The spread of business education over the past decade means that it’s almost easier – and certainly quicker – to name the major cities that don’t offer some sort of MBA programme. In the US, for example, there are over 450 institutions running more than 4,000 programmes everywhere from the Big Apple to slightly less well-known centres such as Boise in Idaho and Fargo in North Dakota.
But how much effect on the learning experience does location actually have?
Many schools believe that siting their campuses in a major commercial centre gives students the sort of in-depth professional insight that would not be possible in a more remote base. Cass Business School, for example, markets its location in the City of London in this way and the University of Chicago’s Booth School of Business went as far as moving its European campus from Barcelona to London in 2005 because, as its head of executive education said: “We would be relocating to Europe’s business capital and vastly increasing learning and networking opportunities for students and alumni.” Berlin’s ESMT takes a similar line by contesting that its location gives students a chance to experience one of the continent’s more successful economies by business education’s equivalent of osmosis, helped along by the day-to-day involvement of German companies such as Bayer, Bosch and Deutsche Bank, which founded the school in 2002.
Some prospective MBA students, however, may be persuaded by the view that the economic balance of power is shifting to the emerging markets of the BRIC and Next Eleven countries. If this is the case, it may be smarter to study farther afield.
Shanghai, for example, is host to CEIBS, which maintains it now has the largest network of MBA and executive MBA students and alumni in mainland China. The school also offers students the chance to balance exposure to the rapidly developing Chinese commercial arena with more traditional markets through exchanges with more than 40 schools, including Wharton in Philadelphia, HEC Paris, Milan’s SDA Bocconi and Melbourne. Elsewhere in emerging markets, two Latin American schools now feature regularly in key rankings of MBA programmes: IPADE offers the chance to study in Mexico City, while Brazil’s COPPEAD is within easy reach of the beaches and thriving business centre of Rio de Janeiro. Africa has lagged behind other continents in terms of business education but now has a well-recognised school in the form of South Africa’s Graduate School of Business at the University of Cape Town.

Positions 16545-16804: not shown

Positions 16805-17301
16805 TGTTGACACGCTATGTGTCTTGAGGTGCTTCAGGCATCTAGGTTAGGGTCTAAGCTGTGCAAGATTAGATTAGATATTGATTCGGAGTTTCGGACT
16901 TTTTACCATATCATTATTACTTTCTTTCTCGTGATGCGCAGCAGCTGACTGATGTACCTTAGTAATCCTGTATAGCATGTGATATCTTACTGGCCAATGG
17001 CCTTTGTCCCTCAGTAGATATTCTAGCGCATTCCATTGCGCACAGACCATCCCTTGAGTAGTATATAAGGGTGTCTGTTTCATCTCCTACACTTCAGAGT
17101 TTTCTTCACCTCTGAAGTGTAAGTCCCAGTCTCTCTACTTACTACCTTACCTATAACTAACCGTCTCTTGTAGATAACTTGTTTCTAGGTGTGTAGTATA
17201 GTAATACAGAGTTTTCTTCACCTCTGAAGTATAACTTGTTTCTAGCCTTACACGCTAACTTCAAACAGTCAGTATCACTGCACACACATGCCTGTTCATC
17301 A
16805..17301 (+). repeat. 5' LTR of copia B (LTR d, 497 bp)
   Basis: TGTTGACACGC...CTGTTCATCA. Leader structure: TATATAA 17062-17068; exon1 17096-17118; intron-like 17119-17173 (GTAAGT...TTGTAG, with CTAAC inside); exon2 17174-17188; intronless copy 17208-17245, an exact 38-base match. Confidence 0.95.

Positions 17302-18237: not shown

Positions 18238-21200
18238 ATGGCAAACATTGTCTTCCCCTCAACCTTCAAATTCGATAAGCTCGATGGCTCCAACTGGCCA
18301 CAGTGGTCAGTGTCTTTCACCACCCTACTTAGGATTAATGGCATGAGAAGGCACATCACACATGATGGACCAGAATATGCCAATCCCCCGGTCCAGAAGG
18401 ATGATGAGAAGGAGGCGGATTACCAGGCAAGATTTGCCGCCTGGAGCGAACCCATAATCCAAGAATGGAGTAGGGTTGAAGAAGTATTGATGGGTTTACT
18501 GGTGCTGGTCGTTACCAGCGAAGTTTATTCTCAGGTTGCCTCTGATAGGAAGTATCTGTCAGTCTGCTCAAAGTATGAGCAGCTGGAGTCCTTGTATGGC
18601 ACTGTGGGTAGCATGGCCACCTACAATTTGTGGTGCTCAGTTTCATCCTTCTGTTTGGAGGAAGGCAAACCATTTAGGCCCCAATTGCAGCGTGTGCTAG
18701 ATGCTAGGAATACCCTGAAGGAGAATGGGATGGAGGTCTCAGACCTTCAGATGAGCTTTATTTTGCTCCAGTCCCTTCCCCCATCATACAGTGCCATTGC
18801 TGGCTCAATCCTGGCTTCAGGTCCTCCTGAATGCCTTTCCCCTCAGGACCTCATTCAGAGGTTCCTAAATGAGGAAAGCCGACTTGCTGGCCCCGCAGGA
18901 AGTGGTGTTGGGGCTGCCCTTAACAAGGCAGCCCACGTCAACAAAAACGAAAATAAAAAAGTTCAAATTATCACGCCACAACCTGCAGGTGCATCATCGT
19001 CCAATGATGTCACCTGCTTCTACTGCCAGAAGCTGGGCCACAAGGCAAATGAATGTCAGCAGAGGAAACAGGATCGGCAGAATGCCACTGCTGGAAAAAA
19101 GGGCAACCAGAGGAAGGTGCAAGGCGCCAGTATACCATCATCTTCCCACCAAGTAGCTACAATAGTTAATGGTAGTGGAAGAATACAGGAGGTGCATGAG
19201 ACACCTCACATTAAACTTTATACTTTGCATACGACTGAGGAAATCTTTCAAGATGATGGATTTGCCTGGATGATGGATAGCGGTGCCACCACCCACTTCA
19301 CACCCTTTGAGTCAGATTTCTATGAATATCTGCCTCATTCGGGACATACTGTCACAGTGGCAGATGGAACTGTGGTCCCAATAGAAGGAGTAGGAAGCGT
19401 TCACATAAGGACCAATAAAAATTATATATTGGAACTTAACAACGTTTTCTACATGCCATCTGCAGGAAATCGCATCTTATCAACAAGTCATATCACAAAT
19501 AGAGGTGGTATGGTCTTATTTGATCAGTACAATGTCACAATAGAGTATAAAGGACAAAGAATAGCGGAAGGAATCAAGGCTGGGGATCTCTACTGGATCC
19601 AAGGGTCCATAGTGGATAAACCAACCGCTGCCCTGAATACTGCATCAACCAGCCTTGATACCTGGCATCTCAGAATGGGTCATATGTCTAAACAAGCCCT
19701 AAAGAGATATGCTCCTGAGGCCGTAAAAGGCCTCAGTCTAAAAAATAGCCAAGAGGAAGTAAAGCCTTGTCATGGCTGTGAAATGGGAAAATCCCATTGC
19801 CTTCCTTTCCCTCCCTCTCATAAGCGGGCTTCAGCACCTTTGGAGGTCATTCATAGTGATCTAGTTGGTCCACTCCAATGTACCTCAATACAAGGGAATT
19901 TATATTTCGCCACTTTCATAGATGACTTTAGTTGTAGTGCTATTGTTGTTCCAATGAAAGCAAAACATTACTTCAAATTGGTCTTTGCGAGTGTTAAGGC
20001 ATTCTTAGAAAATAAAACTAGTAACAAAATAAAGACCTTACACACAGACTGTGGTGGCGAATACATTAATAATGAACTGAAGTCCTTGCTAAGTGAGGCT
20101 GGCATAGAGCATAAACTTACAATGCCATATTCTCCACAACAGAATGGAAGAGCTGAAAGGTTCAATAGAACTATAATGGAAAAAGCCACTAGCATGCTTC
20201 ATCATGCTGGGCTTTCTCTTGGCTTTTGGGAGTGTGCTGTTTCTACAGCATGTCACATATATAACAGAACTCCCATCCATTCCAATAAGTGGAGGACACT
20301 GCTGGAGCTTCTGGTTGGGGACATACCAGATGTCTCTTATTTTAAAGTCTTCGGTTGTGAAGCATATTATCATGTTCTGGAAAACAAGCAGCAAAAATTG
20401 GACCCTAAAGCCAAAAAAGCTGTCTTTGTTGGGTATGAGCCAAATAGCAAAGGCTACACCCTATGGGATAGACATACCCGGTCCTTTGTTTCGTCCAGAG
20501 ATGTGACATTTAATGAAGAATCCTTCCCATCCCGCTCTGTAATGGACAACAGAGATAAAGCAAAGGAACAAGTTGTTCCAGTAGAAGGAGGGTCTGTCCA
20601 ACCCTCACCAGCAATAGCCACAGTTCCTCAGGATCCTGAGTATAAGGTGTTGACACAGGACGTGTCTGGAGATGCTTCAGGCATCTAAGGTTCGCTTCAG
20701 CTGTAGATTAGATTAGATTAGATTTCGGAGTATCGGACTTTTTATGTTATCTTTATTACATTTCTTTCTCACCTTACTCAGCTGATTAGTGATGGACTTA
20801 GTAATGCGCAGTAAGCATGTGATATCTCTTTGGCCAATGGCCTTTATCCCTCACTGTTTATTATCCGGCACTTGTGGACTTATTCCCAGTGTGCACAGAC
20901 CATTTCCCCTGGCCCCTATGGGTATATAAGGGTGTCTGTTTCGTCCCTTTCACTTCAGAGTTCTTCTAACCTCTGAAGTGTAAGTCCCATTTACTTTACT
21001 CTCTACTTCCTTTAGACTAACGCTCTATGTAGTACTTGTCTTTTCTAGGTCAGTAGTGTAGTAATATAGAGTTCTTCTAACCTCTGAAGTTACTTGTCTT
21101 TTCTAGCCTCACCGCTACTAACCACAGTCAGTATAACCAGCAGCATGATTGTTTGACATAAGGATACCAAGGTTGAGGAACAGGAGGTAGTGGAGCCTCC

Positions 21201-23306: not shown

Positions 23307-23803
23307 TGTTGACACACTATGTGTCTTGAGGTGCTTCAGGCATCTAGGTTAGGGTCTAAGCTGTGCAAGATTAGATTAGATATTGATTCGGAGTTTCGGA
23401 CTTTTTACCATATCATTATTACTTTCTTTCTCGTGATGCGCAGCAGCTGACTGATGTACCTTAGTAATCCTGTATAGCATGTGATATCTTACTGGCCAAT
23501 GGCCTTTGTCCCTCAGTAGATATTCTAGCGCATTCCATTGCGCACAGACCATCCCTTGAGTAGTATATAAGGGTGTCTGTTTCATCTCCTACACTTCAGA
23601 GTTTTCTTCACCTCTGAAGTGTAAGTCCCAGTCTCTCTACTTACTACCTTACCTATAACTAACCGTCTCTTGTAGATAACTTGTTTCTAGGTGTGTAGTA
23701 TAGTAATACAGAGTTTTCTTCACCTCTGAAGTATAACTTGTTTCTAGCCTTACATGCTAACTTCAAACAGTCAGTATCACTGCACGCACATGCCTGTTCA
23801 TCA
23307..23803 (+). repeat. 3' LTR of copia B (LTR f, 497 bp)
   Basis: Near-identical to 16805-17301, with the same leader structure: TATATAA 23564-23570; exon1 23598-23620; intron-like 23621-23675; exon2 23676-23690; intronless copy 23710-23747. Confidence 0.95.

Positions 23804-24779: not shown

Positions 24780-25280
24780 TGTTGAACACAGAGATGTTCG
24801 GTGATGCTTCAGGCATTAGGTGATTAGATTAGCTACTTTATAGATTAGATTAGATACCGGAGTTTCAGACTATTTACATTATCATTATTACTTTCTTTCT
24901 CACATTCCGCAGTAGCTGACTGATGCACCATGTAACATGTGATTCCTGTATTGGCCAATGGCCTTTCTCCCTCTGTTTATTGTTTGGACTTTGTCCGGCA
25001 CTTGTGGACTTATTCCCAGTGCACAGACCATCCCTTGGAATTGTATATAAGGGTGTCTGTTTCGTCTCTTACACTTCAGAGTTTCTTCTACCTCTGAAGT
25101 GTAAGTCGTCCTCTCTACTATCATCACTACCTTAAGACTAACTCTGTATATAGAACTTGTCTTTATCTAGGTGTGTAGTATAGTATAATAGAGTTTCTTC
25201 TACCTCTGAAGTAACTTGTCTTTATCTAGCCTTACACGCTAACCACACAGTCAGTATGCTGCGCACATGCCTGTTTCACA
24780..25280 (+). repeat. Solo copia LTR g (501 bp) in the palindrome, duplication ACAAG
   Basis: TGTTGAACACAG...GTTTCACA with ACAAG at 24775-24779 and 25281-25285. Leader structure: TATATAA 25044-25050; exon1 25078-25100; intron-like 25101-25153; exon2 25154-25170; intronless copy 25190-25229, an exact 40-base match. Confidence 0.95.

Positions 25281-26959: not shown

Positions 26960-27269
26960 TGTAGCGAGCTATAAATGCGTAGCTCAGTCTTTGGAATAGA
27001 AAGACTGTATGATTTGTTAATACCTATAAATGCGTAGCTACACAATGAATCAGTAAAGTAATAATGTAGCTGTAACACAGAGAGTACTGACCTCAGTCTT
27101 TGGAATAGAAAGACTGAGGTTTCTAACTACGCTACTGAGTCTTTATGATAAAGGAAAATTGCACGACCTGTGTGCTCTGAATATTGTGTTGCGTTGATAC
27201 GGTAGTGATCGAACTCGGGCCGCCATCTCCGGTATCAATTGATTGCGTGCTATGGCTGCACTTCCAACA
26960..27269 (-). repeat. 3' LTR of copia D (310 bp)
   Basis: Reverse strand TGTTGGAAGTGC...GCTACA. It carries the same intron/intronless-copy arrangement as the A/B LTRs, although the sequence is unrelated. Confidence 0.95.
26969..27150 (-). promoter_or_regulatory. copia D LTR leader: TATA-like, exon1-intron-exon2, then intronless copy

Several top schools have taken the view that limiting MBA students to just one city may be too restricting in these days of global business. HEC Paris offers students on its executive MBA the choice of studying in a range of locations including St Petersburg, Beijing, Shanghai and, as of February 2011, Doha in Qatar. With its 16-month Cross Continent MBA, The Fuqua School of Business at Duke in the US allows students to study in London, Dubai, New Delhi, St Petersburg and Shanghai, as well as on the home campus in Durham, North Carolina.
“A proficiency in Indian trade practices, or in Russian finance or in Chinese commerce gained from studying in these locations is going to provide anyone seeking a leadership role in modern business with a significant advantage,” insists The Fuqua School’s dean Blair Sheppard.
Living and studying in a city may plug you into the local culture, even though almost all major MBA programmes are taught in English. But how necessary is it to relocate to the other side of the world, when the other side of the world can come to you?
The concerted push for cultural diversity in recent years has left MBA classrooms at major schools, especially in Europe, looking like miniature versions of the UN assembly. Even a relatively small MBA cohort, such as the 30 students at Nyenrode in the
Netherlands, is representative of 20 nationalities while the 400-strong student body at London Business School has more than 60. What this really means is that today’s MBA student can get a crash course in most major business markets inside the classroom rather than having to learn the ropes in the shops, offices and factories of the real business world.
Which means that the choice of where to study may come down to where you want to spend a year or two of your life, rather than where you think you ought to.